Listless and Law-less, it keeps getting tougher for West Indies

Stuart Law had been influential in the West Indies putting up a semblance of a good show in Test cricket in the last couple of years that he was in charge.

Published: 11th October 2018 04:32 AM  |   Last Updated: 11th October 2018 04:32 AM   |  A+A-

Stuart Law

West Indies coach Stuart Law (File | AFP)

Express News Service

HYDERABAD: Even before the West Indies got thrashed by a whopping innings and 272 runs in the first Test at Rajkot, the team had received a big blow. Just before they arrived in India, head coach Stuart Law had put in his papers. Scheduled to take up the job at Middlesex, the former Australia all-rounder will end this stint after the Bangladesh tour, which is lined up in November.

The 49-year-old resigned after serving for less than two years. Law had been influential in the West Indies putting up a semblance of a good show in Test cricket in the last couple of years that he was in charge.

From being involved in getting back the services of star players like Chris Gayle, who was having differences with the board, to achieving results in the longest format, Law has done it all. Under the coach, the side also qualified for next year’s World Cup.

Law’s sudden departure has reportedly left the board disappointed. This is not the first abrupt end to a West Indies coach’s tenure. It can be remembered that the last head coach associated with the team had also made a sudden exit. Phil Simmons was fired in September, 2016. Two years before that, the side has lost the services of Ottis Gibson after his resignation.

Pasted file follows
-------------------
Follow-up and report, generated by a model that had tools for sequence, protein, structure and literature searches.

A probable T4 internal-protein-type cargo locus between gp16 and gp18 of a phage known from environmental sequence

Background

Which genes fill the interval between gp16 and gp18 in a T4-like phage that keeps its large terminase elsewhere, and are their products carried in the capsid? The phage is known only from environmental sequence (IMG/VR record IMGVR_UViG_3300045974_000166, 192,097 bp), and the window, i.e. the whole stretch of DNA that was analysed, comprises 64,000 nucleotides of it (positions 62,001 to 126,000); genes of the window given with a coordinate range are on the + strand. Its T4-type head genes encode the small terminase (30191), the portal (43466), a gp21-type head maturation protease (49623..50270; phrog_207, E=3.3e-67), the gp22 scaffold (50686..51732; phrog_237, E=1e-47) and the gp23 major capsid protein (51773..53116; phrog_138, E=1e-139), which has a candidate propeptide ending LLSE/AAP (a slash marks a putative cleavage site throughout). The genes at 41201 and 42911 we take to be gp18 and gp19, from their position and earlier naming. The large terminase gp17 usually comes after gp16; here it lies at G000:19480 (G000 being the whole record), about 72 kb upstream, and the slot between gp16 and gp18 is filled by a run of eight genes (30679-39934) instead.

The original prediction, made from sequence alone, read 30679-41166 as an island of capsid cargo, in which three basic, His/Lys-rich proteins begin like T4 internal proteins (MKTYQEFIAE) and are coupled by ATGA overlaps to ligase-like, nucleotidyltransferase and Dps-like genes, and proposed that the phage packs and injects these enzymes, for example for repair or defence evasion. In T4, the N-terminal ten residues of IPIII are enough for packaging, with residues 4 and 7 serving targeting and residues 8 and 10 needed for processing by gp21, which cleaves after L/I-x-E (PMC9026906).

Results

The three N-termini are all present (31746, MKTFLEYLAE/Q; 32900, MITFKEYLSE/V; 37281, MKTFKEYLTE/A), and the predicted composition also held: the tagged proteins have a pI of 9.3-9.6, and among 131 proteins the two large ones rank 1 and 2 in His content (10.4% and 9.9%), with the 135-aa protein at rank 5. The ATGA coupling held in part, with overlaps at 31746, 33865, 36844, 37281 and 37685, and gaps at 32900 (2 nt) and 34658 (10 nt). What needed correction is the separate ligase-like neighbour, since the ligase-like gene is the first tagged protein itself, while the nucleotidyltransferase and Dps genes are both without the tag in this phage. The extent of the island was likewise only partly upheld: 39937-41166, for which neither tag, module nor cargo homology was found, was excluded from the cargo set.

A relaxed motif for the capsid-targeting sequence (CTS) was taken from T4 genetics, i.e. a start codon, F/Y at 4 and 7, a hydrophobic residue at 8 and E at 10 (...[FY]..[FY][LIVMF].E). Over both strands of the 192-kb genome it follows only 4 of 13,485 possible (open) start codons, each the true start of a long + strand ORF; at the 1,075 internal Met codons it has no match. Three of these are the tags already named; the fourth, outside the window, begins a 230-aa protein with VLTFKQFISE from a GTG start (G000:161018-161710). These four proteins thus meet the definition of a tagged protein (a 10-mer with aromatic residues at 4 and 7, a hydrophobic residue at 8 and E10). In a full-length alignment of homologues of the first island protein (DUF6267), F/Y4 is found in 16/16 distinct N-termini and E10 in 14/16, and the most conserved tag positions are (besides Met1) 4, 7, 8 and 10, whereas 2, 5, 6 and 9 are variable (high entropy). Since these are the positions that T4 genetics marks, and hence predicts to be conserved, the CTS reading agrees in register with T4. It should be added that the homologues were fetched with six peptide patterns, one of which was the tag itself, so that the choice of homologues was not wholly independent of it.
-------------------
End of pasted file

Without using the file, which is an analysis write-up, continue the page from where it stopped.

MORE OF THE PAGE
An inconsistent side having a new coach every now and then, it made matters difficult for them. When asked on Wednesday what he feels could be the impact of losing coaches at regular intervals, skipper Jason Holder said, “It’s difficult. We have got a number of coaches in the last five years. And I must say that the boys have been professional to adjust with each and every coach. I have seen that players have found it hard to deal with situations like these. Credit must go to them, whoever comes in and coaches us, we are focussed and judge ourselves on how we play.

And that’s why I don’t get too worried about what people say outside,” the lanky player remarked. “... If the dynamics of the team changes a bit, it’s hard to build something new. Every time you build something, there seems to be a barrier or an obstacle,” he added. With Law set to leave soon, Holder hopes the new coach would stay for a longer duration.

“I think Stuart has brought a different dynamic in terms of professionalism to the side. There were certain methods we needed to change and credit should go to Stuart Law for that. Hopefully, whoever comes in, we could just settle along for something longer and build something positive for the next couple of years,” he concluded.

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